Ramallah, Palestine – It’s easy to forget, while soaking up the tranquillity along with happy picnickers under the pine trees, that Canada Park is steeped in a disturbing controversy.
The fact is, the Park in the Latrun Valley sits on the occupied West Bank on the site of two Palestinian villages, Imwas and Yalu, destroyed by Israel in the 1967 war. The two were located just off the Jerusalem-Tel Aviv highway.
The green space also known as Ayalon and established in 1973 through donations to the Jewish National Fund of Canada, is currently the focus of a renewed JNF fund drive.
It’s also at the centre of activist efforts by both Palestinian and Jewish human rights groups eager to share this terrain’s obscured history with the Israeli public.
Next month the independent Palestinian rights organization Al-Haq officially releases a report on Canada Park placing the onus for violating international law on Israel, JNF Canada and the Canadian government.
The document, which was shown to former villagers on December 3, combines their affidavits as well as the recorded depositions and writings of Israeli soldiers serving during the displacement with maps, photos and legal analyses.
One of those giving testimony was Al-Haq activist Ahmad Abu Gaush, a refugee from Imwas and a participant in the Imwas Village Committee, which presses for the right of villagers to return.
Sitting in a Ramallah coffee shop, he describes the terror and confusion of the early hours of June 5, 1967.
“My family left an hour before the soldiers reached us,” he says. “We walked through the mountains for 32 kilometres with no food or water until we reached Ramallah.” As we look at photos of Imwas before its destruction, he reminisces about the calm beauty of the village and his feeling that his childhood was stolen.
West Bank Palestinians, he says, were able to visit the area until 1991, but after the first Gulf War the Israeli military erected a checkpoint, barring displaced villagers.
Now, with the construction of the wall, which encompasses the park, access is even more impaired.
“When returning to the park, I had mixed feelings. It’s very hard standing on the ruins of where you used to live while seeing people enjoying themselves,” he says.
John Reynolds, a legal researcher with Al-Haq, says, “The forcible transfer of people from their villages and the destruction of those villages are defined as a grave breach of the Geneva Convention in the category of war crimes.’’
The state of Israel, he says, bears the primary responsibility, but as a charitable organization the onus is also on the JNF. But Reynolds fingers the Canadian government as well, because the money to build Canada Park was subsidized by tax exemptions.
While the maps of pre- and post-1967 Israel indicate otherwise, the JNF has argued that the park is in 1948 Israel. Joe Rabinovitch, the organization’s national director, speaking from Montreal, says Al-Haq’s claims about rights violations “are ludicrous and have no foundational basis in law.”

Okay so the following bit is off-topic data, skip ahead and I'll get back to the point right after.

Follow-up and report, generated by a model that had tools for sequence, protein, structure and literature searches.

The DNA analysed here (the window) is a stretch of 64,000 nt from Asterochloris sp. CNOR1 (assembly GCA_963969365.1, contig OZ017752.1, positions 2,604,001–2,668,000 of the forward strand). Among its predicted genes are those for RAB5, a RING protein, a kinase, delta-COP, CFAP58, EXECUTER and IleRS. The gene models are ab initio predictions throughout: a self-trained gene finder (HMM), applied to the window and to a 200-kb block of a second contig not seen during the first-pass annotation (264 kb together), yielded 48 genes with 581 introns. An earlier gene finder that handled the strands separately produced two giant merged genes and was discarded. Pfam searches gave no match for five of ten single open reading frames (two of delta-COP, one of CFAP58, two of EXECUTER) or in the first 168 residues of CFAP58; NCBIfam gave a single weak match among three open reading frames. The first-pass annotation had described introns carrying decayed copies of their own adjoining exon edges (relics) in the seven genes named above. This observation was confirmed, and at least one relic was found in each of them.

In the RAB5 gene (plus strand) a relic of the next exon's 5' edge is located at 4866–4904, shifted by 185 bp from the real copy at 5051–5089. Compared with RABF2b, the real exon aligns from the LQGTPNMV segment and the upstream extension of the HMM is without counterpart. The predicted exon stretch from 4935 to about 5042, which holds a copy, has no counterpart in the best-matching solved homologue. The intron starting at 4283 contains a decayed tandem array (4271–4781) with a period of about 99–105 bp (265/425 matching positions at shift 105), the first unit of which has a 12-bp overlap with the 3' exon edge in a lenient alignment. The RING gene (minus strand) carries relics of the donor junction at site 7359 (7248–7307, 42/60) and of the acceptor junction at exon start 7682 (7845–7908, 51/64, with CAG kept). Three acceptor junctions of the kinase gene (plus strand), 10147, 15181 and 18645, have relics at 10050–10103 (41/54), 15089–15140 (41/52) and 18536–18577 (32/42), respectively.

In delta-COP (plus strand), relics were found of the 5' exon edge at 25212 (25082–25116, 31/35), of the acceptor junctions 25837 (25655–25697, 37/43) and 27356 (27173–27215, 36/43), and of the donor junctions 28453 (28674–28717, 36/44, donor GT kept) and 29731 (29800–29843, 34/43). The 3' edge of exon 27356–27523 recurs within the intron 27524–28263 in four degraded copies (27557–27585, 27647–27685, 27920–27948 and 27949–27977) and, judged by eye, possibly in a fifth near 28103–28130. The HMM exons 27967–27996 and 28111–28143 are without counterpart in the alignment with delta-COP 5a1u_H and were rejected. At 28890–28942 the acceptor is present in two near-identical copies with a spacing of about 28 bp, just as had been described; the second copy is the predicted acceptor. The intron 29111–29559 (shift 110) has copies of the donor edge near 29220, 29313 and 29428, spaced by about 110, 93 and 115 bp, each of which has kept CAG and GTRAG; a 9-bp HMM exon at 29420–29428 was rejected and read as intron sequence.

The villages were destroyed, he says, for security reasons. “There were Palestinians lobbing shells onto the Jerusalem-Tel Aviv highway.”
Walking around the park, the only visible signs of previous inhabitants are a crumbling cemetery with stones engraved in Arabic and a series of old village walls.
Some of these near the park entrance bear rows of plaques to Canadian donors – the city of Ottawa, the Metropolitan Toronto Police Department, former Ontario premier Bill Davis and Toronto city councillor Joe Pantalone.
(Pantalone, speaking from Toronto, says he wasn’t aware when the donation was made that the park might have crossed Israel’s borders. “Issues of property compensation will eventually have to be addressed in this situation,” he says, “but we need parkland everywhere.”)
That the green space has no visible signage about the forgotten earlier inhabitants doesn’t surprise Eitan Bronstein of Zochrot, a primarily Jewish-Israeli group that educates the public about Israel’s creation of Palestinian refugees.
“For Israel, it’s better not to show the history, because if you know the history, you have to take responsibility,” he says. In 2005, Zochrot petitioned the High Court of Justice to force the JNF to install signs acknowledging the existence of the villages.
The JNF had posted descriptions of previous eras but failed to mention the Palestinian presence. The High Court ruled in favour of Zochrot, and the JNF was made to install two signs. Both of these have since been vandalized or taken down.
Wandering along the rocky paths, I discover many people have no idea what existed here before – though one resident of a nearby kibbutz acknowledges that some in her community boycott the park because of the location and the evictions.Soon, however, she cuts the conversation short to return to her picnic.
Jesse Rosenfeld is a Canadian freelance journalist based in Ramallah. With files from Dina Awad.